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Seasonal water resources management in semi-arid regions: Transfer of regionalized global information to practice - SaWaM

Funding by: BMBF - Bundesministerium für Bildung und Forschung
Funding ID: 02WGR1421F
Project executing or management agency: Projektträger Karlsruhe
Funding period: 2017 bis 2020
Project partners: Karlsruhe Institute of Technology (KIT) Garmisch-Partenkirchen I University of Potsdam I Stuttgart University I University of Marburg I Helmholtz Center for Environmental Research UFZ I Helmholtz Centre Potsdam – German Research Centre for Geosciences (GFZ) I Technical University of Berlin I Lahmeyer International GmbH (Bad Vilbel) I GAF AG (Munich)

The essential resource of water is distributed unevenly across the regions. Water supply is potentially insecure for about 80% of the world’s population. According to estimates of the UN, by 2025 presumably 1.8 billion people will be affected by critical water scarcity meaning access to less than 500 m³ water per person and year. Increasing water scarcity is caused by global population growth and climate change.

The collaborative project “Seasonal water resources management in semi-arid regions: Transfer of regionalized global information to practice” (SaWaM) is funded in the frame of the research initiative Global Resource Water (GROW) and coordinated by the Karlsruhe Institute of Technology (KIT). In the project of three years’ duration seven research institutions as well as two German companies are involved from the fields of climatology, hydrology, ecology and remote sensing.

In semi-arid regions, for several months precipitation is smaller than evaporation and pronounced long dry periods occur. In the mostly underdeveloped countries affected, hardly any observation data are available describing the water cycle. Scientists are increasingly forced to rely on satellite or model data. In general, these data are very coarsely resolved and subject to large uncertainties. Therefore, their use for regional water resources management has been limited so far.

The SaWaM project aims at analyzing the performance of global data products and optimizing these data for decision support with the help of newly developed methods. One of the main goals is the seasonal forecast of the most important water resources parameters for six to twelve months in advance. SaWaM will provide information about the future development of water availability, above all for the management of reservoirs and irrigated agriculture.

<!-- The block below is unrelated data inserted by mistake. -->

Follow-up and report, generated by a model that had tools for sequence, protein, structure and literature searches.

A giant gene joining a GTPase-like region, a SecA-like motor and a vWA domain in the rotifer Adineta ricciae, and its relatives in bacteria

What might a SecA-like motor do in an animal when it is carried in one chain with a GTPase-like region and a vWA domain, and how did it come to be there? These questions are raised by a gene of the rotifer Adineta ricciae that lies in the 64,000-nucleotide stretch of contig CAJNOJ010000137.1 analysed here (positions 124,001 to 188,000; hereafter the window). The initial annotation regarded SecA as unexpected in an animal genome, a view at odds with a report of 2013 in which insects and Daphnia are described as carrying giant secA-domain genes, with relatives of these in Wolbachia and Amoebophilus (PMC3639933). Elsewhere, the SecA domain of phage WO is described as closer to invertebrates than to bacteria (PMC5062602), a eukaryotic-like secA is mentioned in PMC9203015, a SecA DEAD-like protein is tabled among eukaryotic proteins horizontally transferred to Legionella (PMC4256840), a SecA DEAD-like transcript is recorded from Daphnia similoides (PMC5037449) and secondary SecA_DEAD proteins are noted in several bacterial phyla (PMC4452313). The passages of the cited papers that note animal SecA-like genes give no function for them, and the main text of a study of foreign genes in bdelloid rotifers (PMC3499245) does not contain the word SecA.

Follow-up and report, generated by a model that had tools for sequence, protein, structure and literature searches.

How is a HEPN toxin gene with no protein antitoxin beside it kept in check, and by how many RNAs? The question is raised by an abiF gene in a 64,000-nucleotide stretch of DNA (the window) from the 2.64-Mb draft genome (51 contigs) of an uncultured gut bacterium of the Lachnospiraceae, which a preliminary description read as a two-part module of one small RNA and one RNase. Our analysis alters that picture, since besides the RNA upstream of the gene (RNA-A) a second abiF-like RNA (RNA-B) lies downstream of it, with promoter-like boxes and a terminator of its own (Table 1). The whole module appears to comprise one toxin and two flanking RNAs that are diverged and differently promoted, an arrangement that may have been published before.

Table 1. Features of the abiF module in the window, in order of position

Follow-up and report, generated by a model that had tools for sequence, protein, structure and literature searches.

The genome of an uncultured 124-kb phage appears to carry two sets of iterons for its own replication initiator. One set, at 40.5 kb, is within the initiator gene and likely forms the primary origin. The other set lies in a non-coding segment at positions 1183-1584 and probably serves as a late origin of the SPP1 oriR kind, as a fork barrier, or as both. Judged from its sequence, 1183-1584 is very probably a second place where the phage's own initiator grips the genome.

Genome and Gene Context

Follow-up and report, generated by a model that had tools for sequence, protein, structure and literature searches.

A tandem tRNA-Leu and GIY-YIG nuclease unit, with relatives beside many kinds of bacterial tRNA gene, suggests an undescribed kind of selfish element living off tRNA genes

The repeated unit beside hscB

To ensure practical applicability of the developed methods, the project consortium cooperates closely with local decision makers, research institutions, and companies in the five semi-arid target regions. The planned work will primarily focus on the three development regions – Iran, Sudan, and Brazil. In another two regions – Ecuador and West Africa – the general applicability of the methods and selected other aspects will be studied.

For using the developed methods in the different regions, they have to meet different requirements. The region-specific target parameters will be defined in close cooperation with local decision makers. These parameters will serve as a basis for a prototype online portal providing an access point to the results of the project. Among others, SaWaM will provide information on sediment input into the Upper Atbara dam complex (Sudan) in the Nile basin as well as improved hydro-meteorological data for sustainable water resources management of Lake Urmia in Iran.

Within the framework of SaWaM, the remote sensing section at GFZ Potsdam is responsible for the large-scale analysis of seasonal and long-term vegetation dynamics which will be derived from satellite time series data. The resulting land use specific information on vegetation dynamics will be used to validate regional vegetation modeling. In addition, the globally available optical satellite time series data, in particular the new Sentinel-2 satellite mission of the Copernicus Earth observation program, will be evaluated in their suitability for modeling of ecosystems, vegetation states and erosion/sedimentation processes.

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